Alive and rising again
A teacher, whose life was upended by the Albania earthquake, helps her community’s children
DURRES, Albania – 32 seconds. It took 32 seconds for her home, containing all her belongings, to come crumbling down.
For Ervisi Bodlli and hundreds of others like her, rebuilding after surviving the earthquake which struck Albania on 26 November, seeing how quickly the disastrous event shattered their lives is something they have in common as they look back at that morning. And as they remember their loved ones who did not make it.
We met Mrs. Bodlli, a 41-year-old teacher, in one of the relief centers in Durrës. She and her family had been sheltering there for the past two weeks.
“I saw my house collapse in a matter of seconds. All the efforts of a lifetime, gone,” she said. “We ran outside in fear. It was still dark, and all of our neighbors had gotten out, too. I could not believe that my husband and two children were alive.”
Mrs. Bodlli told us that she had taught in primary school for 18 years. Now, it was time to begin anew.
“I had a normal life, in a new house near my work, and our children having their own rooms. But none of this matters when it comes to natural disasters,” she said. In the early hours of 26 November (the earthquake occurred at 4:00AM), the family stayed with her friend whose home had been spared fortunately. Within the following two days, the municipality of Durrës relocated the family to the relief center.
“My husband, our two sons, aged 13 and 17, and I live in a [16 sq. meters] room. It is not easy, but we have to keep reminding ourselves that we made it out alive,” she said.
Once the family was settled safely, Mrs. Bodlli’s professional instincts kicked in. She thought about the children whose schooling was interrupted.
She responded to the Durrës Regional Education Directorate’s request to establish temporary classrooms in the relief centers, to benefit 150 children and their families. UNICEF helped to provide teaching materials, school bags and furniture. Mrs. Bodlli and her colleagues sensed that the students craved a return to normalcy. “The children need their teachers, and since the teaching and learning have started again, I feel somewhat calmer. I know that I will find the strength to move forward, not just for my own children, but for my pupils as well,” she added.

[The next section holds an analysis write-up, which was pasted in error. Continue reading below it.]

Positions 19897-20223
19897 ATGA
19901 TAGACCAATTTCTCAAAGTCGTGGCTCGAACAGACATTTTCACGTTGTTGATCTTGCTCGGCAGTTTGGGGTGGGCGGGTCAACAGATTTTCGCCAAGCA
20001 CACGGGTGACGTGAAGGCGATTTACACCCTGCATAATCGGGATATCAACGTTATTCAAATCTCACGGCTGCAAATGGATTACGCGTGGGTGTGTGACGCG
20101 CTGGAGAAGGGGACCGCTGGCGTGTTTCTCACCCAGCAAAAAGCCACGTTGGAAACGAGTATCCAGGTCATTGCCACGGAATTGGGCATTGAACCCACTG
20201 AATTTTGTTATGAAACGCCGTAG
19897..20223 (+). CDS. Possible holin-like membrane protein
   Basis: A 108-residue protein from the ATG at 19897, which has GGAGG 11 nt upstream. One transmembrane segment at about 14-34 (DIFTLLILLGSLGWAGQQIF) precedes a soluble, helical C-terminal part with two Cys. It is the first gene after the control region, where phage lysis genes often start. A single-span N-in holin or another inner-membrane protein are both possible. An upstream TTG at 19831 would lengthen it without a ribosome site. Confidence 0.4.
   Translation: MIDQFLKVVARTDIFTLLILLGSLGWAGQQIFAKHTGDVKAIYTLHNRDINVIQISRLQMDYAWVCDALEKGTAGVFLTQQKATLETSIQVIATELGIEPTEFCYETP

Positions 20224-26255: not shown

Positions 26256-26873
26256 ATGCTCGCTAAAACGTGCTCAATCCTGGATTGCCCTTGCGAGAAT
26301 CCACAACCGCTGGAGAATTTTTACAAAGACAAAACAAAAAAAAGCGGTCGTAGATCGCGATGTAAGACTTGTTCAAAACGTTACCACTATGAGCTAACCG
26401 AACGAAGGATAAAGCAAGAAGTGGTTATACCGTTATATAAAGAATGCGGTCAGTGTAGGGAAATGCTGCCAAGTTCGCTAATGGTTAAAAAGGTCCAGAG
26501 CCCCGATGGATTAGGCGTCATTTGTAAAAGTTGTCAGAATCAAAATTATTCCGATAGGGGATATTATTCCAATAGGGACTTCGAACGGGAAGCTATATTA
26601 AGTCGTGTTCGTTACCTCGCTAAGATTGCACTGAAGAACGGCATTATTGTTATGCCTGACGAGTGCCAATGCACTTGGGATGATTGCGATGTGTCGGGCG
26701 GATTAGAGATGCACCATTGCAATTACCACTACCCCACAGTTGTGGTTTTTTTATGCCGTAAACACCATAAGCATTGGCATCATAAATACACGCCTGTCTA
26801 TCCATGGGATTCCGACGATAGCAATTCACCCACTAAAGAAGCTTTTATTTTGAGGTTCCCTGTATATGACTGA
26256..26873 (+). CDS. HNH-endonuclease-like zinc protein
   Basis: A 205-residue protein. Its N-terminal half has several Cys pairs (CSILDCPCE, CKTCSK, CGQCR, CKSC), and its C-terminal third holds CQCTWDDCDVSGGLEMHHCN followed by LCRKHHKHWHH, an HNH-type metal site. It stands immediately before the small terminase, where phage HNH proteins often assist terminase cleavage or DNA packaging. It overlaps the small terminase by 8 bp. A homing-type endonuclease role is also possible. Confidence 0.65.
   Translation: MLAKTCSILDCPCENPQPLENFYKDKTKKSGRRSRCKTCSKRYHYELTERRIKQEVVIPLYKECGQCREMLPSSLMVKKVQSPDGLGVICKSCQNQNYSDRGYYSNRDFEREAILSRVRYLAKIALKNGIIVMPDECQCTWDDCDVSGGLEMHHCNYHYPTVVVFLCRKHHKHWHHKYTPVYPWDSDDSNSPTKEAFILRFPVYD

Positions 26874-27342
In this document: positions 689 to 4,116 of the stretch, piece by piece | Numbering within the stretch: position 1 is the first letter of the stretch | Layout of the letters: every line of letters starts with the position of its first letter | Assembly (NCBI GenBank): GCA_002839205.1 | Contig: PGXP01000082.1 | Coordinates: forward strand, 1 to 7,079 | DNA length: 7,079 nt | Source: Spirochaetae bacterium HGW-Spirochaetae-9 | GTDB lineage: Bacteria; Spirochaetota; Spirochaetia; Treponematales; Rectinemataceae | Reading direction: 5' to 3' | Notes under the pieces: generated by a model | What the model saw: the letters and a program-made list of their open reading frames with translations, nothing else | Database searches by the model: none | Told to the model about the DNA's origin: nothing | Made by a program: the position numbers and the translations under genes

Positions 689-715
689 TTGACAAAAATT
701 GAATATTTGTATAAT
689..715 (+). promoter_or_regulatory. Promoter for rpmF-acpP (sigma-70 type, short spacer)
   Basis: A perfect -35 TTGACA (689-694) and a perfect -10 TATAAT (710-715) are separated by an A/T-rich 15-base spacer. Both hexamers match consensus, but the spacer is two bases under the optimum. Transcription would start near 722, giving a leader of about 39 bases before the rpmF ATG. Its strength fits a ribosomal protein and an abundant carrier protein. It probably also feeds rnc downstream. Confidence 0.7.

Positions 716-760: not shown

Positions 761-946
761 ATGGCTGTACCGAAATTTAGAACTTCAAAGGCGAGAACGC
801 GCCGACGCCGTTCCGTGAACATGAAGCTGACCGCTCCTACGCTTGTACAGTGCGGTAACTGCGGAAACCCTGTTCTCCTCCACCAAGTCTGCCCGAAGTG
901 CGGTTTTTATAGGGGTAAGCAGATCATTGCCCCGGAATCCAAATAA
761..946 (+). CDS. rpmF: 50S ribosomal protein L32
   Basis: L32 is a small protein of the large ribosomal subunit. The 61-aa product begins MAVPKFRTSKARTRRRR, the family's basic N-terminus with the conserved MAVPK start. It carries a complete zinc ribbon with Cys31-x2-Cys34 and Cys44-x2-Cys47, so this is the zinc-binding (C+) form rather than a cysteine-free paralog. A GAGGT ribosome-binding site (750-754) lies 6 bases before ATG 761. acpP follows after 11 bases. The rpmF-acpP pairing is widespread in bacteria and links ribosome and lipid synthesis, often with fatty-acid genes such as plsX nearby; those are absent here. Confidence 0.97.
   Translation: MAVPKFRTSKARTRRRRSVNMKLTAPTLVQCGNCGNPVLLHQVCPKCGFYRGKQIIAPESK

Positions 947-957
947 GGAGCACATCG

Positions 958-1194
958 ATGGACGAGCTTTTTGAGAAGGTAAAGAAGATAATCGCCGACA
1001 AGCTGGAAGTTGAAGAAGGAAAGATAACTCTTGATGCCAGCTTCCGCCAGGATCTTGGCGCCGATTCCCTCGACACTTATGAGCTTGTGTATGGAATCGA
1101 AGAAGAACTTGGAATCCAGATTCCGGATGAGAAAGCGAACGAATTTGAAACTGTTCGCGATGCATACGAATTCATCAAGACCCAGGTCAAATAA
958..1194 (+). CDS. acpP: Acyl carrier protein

She said that with each passing day, she has been noticing the children becoming more relaxed and making new friends. They attend classes in the morning and spend time afterwards in the child-friendly spaces supported by UNICEF, where they can also seek the support of counselors.
In a sign that things are not yet fully back to normal, though, she recounts those moments when somebody might inadvertently move a desk or chair in the temporary classroom, and the children would say, “Teacher, the ground is trembling again.”
While the children are in school, some of the parents return to their homes to look for salvageable belongings, and others fill out damage claim forms. Everyone comes back to the relief centers at the end of the day. People know that even if they are eager to return to their former neighborhoods, the current situation requires patience. At the time of meeting Mrs. Bodlli, the teachers were organizing a “coffee time with parents.” The parents also needed to be assured that their children’s schooling was going well.
There was a momentary twinkle of optimism in her eyes, as Mrs. Bodlli considered the prospect of returning to her original school in Durrës. “I miss my school and I miss my students. Some of them have written to ask me when I am coming back.”
The earthquake upended her life and the lives of many others in the community. They are drawing strength and hope from being alive and being able to rise again.